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Jessica Lea Mayfield gets help from her friends 

Having first performed with her family's band One Way Rider at the age of 8, a life touring and being on stage is nothing new for Jessica Lea Mayfield. By the time she was becoming a teenager, she already had her heart focused on her own songwriting and efforts to branch out on her own.

Now, at age 19, Mayfield is spending most of her days on the road, having played roughly 300 shows in support of her debut CD, With Blasphemy So Heartfelt, which was released in September of 2008.

"When I'm home, it's a little busier than when I'm on the road," Mayfield says by phone from her hometown of Kent, Ohio, while at a store purchasing items for her upcoming headlining tour. "Being on the road can sometimes be a break for me. I think I've had a total of three or four weeks off -- usually only three or four days at a time -- since the album came out."

She's been home for nearly two weeks -- her longest break she can remember -- but it's been a hectic one filled with getting ready for her tour, working to find a new guitar player, getting ready to buy a new house and finding time for the little things like buying socks and painting.

"You know what? You always have to buy new socks, no matter what," she says. "They always get ruined. The tour smell just will not leave."

As for painting, a hobby that helps clear her mind from the day-to-day clutter, it's an activity that she can't seem to find much time for these days. "I get home and maybe have like one night to work on half of a painting and then I work on it again a month later," she says. "I've got some paintings that I planned on using this time off to work on and I didn't get to it. It makes me really sad."

While one of her paintings of an owl wound up as the cover of her album, her first choice was artwork by a familiar name to Charlotte folks -- Scott Avett.

"We ended up using his artwork for the vinyl," she says. "Everyone couldn't agree on Scott's artwork -- it's a painting of me bleeding and crying. A lot of people said it wouldn't work or they didn't want to use it, so we decided to use one of my paintings. It was a long, rough battle that I lost miserably."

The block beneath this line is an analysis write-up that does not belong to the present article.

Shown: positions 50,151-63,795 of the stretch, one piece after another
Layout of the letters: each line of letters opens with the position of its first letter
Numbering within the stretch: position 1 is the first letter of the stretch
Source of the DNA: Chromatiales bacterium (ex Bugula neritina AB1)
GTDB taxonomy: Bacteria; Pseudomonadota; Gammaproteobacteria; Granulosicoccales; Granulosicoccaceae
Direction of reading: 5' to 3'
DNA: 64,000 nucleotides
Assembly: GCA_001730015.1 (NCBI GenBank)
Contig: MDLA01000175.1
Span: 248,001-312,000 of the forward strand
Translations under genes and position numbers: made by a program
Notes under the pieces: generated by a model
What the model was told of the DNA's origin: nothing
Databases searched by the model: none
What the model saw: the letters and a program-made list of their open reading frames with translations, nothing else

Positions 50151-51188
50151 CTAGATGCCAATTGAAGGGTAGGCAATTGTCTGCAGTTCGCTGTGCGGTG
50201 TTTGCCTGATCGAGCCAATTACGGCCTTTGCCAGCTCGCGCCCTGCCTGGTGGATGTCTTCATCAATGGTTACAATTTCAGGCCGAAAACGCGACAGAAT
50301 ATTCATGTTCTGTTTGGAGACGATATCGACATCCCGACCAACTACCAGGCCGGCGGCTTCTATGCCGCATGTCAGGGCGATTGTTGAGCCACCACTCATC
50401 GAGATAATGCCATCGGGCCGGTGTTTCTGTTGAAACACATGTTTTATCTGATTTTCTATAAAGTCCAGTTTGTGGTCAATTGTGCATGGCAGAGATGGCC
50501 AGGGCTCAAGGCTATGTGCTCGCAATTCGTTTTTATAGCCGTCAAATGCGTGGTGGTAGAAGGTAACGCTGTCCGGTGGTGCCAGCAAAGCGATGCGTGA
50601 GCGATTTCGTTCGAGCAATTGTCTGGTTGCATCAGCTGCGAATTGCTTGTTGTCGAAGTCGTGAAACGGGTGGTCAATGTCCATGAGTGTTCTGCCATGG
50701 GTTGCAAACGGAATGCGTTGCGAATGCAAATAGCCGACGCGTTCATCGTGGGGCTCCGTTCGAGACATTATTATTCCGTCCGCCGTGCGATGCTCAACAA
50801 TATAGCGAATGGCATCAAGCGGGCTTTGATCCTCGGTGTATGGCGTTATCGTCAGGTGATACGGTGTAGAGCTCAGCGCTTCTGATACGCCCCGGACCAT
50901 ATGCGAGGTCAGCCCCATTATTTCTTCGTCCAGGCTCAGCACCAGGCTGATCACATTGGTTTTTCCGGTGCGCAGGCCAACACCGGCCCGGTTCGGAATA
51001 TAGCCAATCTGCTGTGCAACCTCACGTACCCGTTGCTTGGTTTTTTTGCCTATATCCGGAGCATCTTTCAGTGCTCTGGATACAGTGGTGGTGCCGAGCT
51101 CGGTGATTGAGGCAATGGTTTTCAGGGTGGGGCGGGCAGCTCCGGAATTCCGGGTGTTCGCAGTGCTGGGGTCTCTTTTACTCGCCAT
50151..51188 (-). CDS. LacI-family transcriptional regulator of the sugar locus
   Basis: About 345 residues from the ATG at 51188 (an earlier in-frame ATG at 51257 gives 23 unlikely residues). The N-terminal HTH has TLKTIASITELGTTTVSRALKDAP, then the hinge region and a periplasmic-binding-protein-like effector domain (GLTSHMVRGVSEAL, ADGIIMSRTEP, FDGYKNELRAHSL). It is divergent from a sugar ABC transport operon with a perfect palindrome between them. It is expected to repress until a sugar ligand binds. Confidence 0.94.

Mayfield, whose somber folk style fits into that branch of Americana so many artists are filling these days, has performed with The Avett Brothers on more than 50 ocassions, first opening for the band at age 17.

"They are like family to me," she says warmly. "They're my other brothers. They're some of the best friends that I've ever had. I hold such a high place for them in my heart. They're such good people to know."

Mayfield wound up going to Bonnaroo -- the Tennessee music festival where she's scheduled to perform this year -- with The Avetts in 2008 to watch them perform, and cellist Joe Kwon makes an appearance on Blasphemy. Another artist appearing on the album is Dan Auerbach of The Black Keys, an artist who has given a big boost to her career thanks to his help with production on the album.

"He really helped a lot," Mayfield says of Auerbach. "I was still trying to figure out exactly what it was -- my niche. He really came in and gave me different ideas -- not necessarily changed anything, but we have such different thought processes that it was an eye opener to work with somebody so different. There's already plans to work again and he only lives about 15 minutes from me, so it works out good for me in that sense."

Mayfield has started writing for her new album, but there's no timeline in place yet. She says every time she and Auerbach plan to get together, one of them heads out on tour. She also has trouble writing while on the road. "I've been trying to figure out where I'm going to go with the next album," she says. "It's a slow process. It's impossible to write when I'm on the road because I'm not the kind of person who writes with my band. I'd love to do that, but I'm too shy about it. I'm really self-conscious about it. I have to write a song, play it a hundred times and then play it for one other person to see if I like it. Then I'll play it for everybody else and teach it to them.

"It's really hard when you spend all your time in close quarters with people -- green room, stage, hotel room, van -- and can never be alone. Slowly but surely it's coming together."

Mayfield still finds time to play with the family band around the holidays, but these days, all of her focus is on her own career. She feels people will work her harder because she's young, and even though she's been at it for over a decade, she knows there's still a long road ahead.

"I've been doing this for such a long time that it's nothing new to me, but I still know that because I'm young that there's a lot more work I'm going to have to do to prove myself to people," she says. "I may have been doing this for a long time, but it's just gotten me to the point where I can get started into something bigger."

Jessica Lea Mayfield will perform at 9 p.m. at the Visulite Theatre on June 8 with Among the Oak & Ash. Tickets are $8 in advance and $10 on the day of the show.

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